Emeryville is the least family friendly city in the whole East Bay and, distressingly as we continue to grow, becomes less family friendly over time; this even as we conspicuously build an ambitious new school campus. Developers, insisting over the years family friendly housing “won’t pencil out” economically (but their books are closed), have pushed back against the odd City Council member that has called on them to fix this problem. Notably over one crucial ten year period ending a few years ago, Emeryville actually lost families (in real numbers, not just as a ratio), even as the town doubled in population during the same period.

Tattler: To catch up with neighboring cities (and to erase a source of municipal embarrassment), Emeryville will need to provide virtually 100% family friendly housing from here on out, especially when one considers that our town is almost completely ‘built out’ at this point. Do you feel the ‘family friendly housing ordinance’, recently passed by the City Council, is up to the task of reversing this trend and delivering a city on par with our municipal neighbors?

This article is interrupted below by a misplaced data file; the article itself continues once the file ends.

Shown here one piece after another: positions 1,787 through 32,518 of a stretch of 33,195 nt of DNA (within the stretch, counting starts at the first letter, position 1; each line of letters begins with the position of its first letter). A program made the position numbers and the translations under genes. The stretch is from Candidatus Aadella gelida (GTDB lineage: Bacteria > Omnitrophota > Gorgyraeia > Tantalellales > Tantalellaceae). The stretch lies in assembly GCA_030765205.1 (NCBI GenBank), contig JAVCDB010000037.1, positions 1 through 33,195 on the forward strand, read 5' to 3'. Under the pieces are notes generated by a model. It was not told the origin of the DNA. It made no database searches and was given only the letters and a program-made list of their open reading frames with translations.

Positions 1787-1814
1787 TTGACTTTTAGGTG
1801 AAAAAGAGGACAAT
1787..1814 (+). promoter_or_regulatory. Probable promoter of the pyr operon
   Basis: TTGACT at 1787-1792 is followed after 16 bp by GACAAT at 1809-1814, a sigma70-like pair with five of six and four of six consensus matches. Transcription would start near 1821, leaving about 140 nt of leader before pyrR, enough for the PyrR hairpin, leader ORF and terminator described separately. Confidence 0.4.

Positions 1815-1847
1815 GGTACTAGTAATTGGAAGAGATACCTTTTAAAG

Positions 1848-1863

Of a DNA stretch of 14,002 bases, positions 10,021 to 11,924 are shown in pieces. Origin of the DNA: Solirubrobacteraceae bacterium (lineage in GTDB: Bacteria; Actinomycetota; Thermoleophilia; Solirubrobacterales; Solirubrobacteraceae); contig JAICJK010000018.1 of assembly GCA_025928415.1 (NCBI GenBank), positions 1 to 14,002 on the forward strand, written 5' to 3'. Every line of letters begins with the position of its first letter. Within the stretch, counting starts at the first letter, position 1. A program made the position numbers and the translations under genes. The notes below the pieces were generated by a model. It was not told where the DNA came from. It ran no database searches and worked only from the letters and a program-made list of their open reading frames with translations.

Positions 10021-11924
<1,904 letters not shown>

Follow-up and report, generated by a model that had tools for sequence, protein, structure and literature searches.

John Van Geffen:  First off, you need to preface statements like "Emeryville is the least family friendly city in the whole East Bay" with "In the Tattler's opinion" so that readers do not get confused since your site continuously jumps back and forth between 'local news' and 'personal blog'. It is safe to say that a great number of people, myself included, disagree with this preface and are happy living with their families in Emeryville. But, I do believe there is room to make family life in Emeryville even better and I absolutely want to see more families moving to Emeryville.